• Three RCTs (one of them with the highest possible quality score) showed separately statistical superiority of LMWH against LDH or SCD in preventing DVT. The reported DVT rates vary widely among these studies (38 percent, 7 percent, and 2 percent). Because the method of prophylaxis used to compare against LMWH was not the same, a meta-analysis was not done.
  • Comparison of LDH vs. MP after meta-analysis of seven studies (four RCTs and three non-RCTs, total number of patients: 620) shows no statistically significant difference between the two methods in preventing DVT (OR: 1.161, 95 percent CI: 0.495, 2.723).
  • Spinal fractures and spinal-cord injury are risk factors for DVT. Other frequently reported risk factors, such as head injury, pelvic fractures, or long-bone fractures, were not shown in the meta-analysis to increase the risk for DVT. It is possible that the studies reporting on these factors included severely injured patients who were already at high risk regardless of the presence of the individual risk factor.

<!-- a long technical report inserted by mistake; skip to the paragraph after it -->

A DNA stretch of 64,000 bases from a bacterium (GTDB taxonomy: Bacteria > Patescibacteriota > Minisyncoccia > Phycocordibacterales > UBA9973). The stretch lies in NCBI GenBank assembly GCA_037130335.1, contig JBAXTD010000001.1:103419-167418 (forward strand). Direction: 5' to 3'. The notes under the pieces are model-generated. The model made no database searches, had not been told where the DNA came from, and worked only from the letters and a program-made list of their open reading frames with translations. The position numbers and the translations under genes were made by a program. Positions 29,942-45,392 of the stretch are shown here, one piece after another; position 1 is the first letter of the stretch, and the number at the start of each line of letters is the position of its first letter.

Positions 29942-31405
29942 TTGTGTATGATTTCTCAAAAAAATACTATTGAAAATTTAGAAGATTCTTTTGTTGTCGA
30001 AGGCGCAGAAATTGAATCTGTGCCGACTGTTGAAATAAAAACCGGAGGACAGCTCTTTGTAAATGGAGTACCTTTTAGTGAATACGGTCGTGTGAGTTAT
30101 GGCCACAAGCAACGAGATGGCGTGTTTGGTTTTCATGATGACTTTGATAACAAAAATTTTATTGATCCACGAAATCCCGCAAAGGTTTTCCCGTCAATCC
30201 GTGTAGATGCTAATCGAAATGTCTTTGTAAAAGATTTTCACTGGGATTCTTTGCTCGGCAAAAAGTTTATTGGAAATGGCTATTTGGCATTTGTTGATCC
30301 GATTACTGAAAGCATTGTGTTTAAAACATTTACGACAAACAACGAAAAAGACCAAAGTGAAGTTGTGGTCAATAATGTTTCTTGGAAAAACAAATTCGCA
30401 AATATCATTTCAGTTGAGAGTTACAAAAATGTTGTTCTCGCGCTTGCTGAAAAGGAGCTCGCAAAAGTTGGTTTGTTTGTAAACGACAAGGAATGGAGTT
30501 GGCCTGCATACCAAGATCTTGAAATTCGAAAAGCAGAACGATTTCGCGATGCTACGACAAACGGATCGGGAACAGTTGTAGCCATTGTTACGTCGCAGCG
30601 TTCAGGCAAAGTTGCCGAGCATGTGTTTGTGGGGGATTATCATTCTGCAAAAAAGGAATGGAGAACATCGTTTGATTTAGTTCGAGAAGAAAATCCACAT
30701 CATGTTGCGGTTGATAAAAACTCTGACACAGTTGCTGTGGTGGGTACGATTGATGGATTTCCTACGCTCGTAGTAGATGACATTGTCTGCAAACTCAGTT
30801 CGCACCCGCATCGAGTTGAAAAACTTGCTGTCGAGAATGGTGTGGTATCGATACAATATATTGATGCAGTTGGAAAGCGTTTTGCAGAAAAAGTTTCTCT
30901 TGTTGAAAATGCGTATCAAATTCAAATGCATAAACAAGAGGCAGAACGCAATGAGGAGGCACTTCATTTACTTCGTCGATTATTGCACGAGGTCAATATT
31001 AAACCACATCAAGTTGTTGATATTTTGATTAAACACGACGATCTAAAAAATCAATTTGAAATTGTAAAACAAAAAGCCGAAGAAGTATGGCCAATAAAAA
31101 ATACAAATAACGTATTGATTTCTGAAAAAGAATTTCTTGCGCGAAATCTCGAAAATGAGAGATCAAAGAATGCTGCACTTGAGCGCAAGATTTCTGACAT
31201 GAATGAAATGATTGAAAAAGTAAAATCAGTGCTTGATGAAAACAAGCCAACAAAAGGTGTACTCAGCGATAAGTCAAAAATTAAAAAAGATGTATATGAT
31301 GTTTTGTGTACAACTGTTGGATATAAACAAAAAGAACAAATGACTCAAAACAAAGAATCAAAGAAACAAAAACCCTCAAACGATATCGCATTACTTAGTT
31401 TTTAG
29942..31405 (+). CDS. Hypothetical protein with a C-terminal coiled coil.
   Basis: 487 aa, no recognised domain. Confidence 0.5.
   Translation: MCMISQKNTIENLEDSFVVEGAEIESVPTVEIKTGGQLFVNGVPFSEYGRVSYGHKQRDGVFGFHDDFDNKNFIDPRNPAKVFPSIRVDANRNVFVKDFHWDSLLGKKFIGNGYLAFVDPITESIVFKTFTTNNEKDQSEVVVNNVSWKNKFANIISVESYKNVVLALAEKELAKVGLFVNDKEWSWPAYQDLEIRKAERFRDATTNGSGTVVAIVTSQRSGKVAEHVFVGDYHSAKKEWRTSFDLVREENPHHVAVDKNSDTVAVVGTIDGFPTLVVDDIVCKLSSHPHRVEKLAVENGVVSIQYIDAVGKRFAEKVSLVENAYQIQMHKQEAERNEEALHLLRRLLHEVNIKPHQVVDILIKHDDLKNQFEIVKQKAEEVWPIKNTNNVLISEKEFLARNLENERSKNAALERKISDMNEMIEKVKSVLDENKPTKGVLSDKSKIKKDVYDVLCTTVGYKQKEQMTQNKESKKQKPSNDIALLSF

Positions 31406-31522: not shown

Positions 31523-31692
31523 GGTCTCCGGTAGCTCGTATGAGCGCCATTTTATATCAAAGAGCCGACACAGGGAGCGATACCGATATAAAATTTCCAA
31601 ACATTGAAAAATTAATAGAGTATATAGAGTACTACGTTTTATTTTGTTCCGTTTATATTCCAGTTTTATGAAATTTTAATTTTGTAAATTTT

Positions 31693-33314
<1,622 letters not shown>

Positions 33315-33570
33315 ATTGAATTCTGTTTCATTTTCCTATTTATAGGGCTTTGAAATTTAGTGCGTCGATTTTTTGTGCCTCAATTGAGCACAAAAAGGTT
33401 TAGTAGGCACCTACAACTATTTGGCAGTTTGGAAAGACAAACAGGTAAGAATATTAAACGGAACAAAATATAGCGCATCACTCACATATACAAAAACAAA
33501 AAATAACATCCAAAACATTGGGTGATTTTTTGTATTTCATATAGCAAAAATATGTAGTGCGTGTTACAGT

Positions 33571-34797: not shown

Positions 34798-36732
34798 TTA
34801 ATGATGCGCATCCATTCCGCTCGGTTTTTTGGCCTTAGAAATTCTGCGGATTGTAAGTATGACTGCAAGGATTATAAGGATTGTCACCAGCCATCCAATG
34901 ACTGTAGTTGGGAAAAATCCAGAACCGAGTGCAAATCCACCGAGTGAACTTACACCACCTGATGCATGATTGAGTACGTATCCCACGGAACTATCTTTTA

• Trauma patients who develop DVT are older and have more severe injuries than patients who do not develop DVT. However, a specific age or ISS threshold could not be extracted from the available data.
  • The reported incidence of PE in patients who undergo VCF placement is 0.2 percent, which is lower than the incidence observed in concurrently managed patients without VCF (1.5 percent) and historical controls without VCF (5.8 percent). The observational design of these studies does not allow firm conclusions to be drawn.